The highfrequency nature of the presented technique is advantageous, since it allows for fast characterization of samples, and might even be extended for fast waferscale characterization of devices. Every point of the frequency response curve corresponds to many averages of the full force–deflection curve (positive and negative part), which reduces the error of the measurement and eliminates the need for offset calibration of the zero point of displacement^{34}. The close agreement between the AFM and nonlinear dynamics value for the Young’s modulus E indicates that viscoelasticity, and other timedependent effects like slippage and relaxation, are small in graphene. Therefore, the dynamic stiffness is practically coinciding with the static stiffness. For future studies, it is of interest to apply the method to study viscoelastic effects in 2D materials, where larger differences between AFM and resonant characterization measurements are expected.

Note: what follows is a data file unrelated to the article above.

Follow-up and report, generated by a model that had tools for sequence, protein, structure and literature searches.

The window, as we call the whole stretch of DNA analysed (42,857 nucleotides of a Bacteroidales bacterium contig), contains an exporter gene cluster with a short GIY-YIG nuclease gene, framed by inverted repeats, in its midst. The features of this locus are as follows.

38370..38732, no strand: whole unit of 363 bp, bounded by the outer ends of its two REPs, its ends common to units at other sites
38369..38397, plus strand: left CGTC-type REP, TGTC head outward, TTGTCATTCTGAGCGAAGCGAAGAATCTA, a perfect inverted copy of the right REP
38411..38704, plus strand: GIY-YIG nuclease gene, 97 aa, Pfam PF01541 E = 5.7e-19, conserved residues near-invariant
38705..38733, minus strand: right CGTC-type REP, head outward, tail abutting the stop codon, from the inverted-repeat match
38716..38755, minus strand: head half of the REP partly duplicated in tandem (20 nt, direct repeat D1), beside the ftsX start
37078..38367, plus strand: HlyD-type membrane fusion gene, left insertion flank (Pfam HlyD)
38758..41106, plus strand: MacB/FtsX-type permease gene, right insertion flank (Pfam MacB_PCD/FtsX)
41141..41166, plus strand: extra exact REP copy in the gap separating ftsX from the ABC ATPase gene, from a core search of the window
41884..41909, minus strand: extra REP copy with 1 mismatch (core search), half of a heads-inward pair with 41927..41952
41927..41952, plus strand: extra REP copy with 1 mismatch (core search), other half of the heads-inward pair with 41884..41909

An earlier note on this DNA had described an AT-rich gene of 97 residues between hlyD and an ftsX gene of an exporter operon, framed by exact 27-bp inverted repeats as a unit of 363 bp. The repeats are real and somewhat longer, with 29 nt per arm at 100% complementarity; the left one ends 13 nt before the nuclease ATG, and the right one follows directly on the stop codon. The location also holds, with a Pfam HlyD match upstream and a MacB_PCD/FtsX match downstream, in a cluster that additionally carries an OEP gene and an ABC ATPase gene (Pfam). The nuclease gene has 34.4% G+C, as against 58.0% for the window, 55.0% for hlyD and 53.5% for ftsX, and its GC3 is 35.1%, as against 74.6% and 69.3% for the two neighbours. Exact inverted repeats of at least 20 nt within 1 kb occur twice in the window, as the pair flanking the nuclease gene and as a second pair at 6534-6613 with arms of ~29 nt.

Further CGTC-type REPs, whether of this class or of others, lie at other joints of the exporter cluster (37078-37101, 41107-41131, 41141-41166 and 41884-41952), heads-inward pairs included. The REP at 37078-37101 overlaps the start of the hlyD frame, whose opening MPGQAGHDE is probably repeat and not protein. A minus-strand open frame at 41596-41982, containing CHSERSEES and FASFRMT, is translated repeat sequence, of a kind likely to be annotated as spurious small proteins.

To test the robustness of the method, we perform a set of nine measurements on another graphene drum (device 4, with thickness h = 8 nm and radius R = 2 μm), under different conditions. Each of the measurements (blue and red dots in Fig. 6a) represents a fit of eight nonlinear response curves at different driving powers for a fixed dc voltage (raw data and fits are shown in Supplementary Figs. 7–15). The same set of measurements are presented in the histogram given in Fig. 6b. The extracted average value of the Young’s modulus is 559 ± 23 GPa, which is in the same order of magnitude as the one for device 1 (where all nine measurements were taken at a single dc voltage). In Fig. 6c, we plot the raw data (black dots) and the fit (red curve) of the nonlinear response curve at V _{dc} = 0.9 V and F _{RMS} = 0.42 nN using the extracted average Young’s modulus from Fig. 6a and b. The data and the fit show good agreement, which confirms that the method is robust against measurement parameter variations. The robustness of the method can also be assessed qualitatively from the effect of the Young’s modulus on the linear response curve as shown in Supplementary Note 4 and Supplementary Fig. 2. There we plot the predicted response of the drum using different values of the Young’s modulus to visualize its effect on the shape of the nonlinear frequency response curves.